Presentation on theme: "U16 - Nutrition. Children need appropriate food and physical activity to grow and develop normally. Growth should be checked regularly. Enjoy a wide range."— Presentation transcript:
Children need appropriate food and physical activity to grow and develop normally. Growth should be checked regularly. Enjoy a wide range of nutritious foods. Eat plenty of breads, cereals, vegetables (including legumes) and fruit. Low-fat diets are not suitable for young children. For older children, a diet low in fat, particularly saturated fat is appropriate. Moderate amounts of sugars. Choose low salt foods. EAT FOODS CONTAINING CALCIUM AND IRON. Health Recommendations:
Key Nutritional Issues for sport Replacing fluid. Replacing Carbohydrates. Adequate Protein Healthy Balance Good habits
Carbohydrates: How much? No exact figures it is based on adult requirements. 1g per kg of body weight within 30mins – 2 hours of training or competition. 65kg player needs 390g of carbohydrates and most are not achieving this.
Dehydration Muscle cramps Sickness and headache Dark urine Dry mouth and throat A feeling of extreme heat which remains after a cool down time.
Fluid replacement Thirst is a late indicator for dehydration. Recommendations are: U15years: 45mins before300-400mls 20mins during150-200 after asapliberal until pee U-17years:45mins before500 20 during200-300 after asapliberal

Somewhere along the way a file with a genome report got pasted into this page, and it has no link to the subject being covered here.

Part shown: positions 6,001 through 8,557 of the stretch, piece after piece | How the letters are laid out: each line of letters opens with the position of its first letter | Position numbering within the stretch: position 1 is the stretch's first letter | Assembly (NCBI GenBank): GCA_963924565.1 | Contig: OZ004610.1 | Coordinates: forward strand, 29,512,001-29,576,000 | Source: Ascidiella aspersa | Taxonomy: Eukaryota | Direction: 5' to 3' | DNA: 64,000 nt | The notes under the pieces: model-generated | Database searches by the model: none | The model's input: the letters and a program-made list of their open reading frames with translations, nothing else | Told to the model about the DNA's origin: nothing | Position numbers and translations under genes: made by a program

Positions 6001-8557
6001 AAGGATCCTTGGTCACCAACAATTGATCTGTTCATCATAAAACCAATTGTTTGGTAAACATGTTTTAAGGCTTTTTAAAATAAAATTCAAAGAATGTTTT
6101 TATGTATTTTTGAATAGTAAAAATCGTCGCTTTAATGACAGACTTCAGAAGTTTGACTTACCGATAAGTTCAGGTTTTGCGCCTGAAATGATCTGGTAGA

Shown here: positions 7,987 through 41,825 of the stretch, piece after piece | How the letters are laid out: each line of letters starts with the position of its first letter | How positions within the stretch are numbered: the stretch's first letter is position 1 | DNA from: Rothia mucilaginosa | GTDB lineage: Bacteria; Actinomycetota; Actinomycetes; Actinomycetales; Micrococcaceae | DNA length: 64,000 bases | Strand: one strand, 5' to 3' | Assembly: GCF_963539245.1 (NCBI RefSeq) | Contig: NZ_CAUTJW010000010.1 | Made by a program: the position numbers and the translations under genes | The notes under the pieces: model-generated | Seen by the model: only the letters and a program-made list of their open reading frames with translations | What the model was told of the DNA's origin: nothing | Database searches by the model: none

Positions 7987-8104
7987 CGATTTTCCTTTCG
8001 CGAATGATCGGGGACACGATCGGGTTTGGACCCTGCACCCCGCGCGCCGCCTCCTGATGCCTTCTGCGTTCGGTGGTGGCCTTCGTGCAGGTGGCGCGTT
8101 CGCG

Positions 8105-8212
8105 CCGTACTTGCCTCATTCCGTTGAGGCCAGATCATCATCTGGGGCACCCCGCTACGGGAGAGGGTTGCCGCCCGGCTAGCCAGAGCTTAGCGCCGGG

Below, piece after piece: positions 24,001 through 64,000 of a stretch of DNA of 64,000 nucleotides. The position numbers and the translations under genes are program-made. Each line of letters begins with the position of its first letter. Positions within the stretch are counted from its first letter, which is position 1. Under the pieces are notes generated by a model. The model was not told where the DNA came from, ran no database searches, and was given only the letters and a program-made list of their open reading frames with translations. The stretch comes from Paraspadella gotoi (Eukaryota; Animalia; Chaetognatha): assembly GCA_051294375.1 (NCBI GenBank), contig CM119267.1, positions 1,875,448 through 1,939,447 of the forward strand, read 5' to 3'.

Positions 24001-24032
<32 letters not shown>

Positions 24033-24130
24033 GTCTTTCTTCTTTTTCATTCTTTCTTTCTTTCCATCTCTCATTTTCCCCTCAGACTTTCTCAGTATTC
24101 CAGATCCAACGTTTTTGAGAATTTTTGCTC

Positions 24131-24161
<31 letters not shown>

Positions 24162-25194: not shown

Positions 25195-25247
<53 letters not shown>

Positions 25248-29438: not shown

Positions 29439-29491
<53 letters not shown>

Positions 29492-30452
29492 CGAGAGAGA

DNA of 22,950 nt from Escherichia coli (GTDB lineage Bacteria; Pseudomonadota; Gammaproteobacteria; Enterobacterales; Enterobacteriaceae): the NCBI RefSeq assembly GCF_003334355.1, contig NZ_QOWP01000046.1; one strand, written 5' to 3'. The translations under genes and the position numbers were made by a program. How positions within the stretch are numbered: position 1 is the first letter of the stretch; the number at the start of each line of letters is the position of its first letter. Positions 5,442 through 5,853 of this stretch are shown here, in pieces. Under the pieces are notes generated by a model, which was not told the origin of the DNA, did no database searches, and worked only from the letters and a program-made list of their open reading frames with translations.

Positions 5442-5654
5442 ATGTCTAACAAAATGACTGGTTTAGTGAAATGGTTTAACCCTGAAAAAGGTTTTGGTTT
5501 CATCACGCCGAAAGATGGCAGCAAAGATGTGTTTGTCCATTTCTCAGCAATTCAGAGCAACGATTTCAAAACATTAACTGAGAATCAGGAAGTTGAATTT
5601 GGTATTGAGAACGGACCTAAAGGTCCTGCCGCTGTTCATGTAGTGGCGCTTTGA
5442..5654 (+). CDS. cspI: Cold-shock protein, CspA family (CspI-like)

Putting it all together The basic advice is the same for different age groups except that quantities will differ for bigger players. Encourage players to bring and use drinks at all training sessions and competitions. Basic food after training (pasta, potatoes, meat, vegetables, curry and rice, soup and sandwiches, yoghurt, rolls and fruit etc.) would be much better than sweets, biscuits or chips after training. Follow by example!
U-16 Key Points U-16: Water before, during and after training. Best Practice to bring your own bottle. Bring a carbohydrate snack for directly after training/match (yoghurt and banana). Basic food after training/competition (up to 2 hrs)- pasta, potatoes, meat, vegetables, curry, and rice, soup and sandwiches, yoghurt, rolls and fruit etc Younger athletes have an increased requirement for protein (meat, chicken, fish, dairy products bread, baked beans and pasta). Avoid greasy fast food. Give athletes a copy of the competition menu for their parents to stick up in the kitchen. Calorie intake must be enough as this group maybe playing a number of sports and often they are simply not eating enough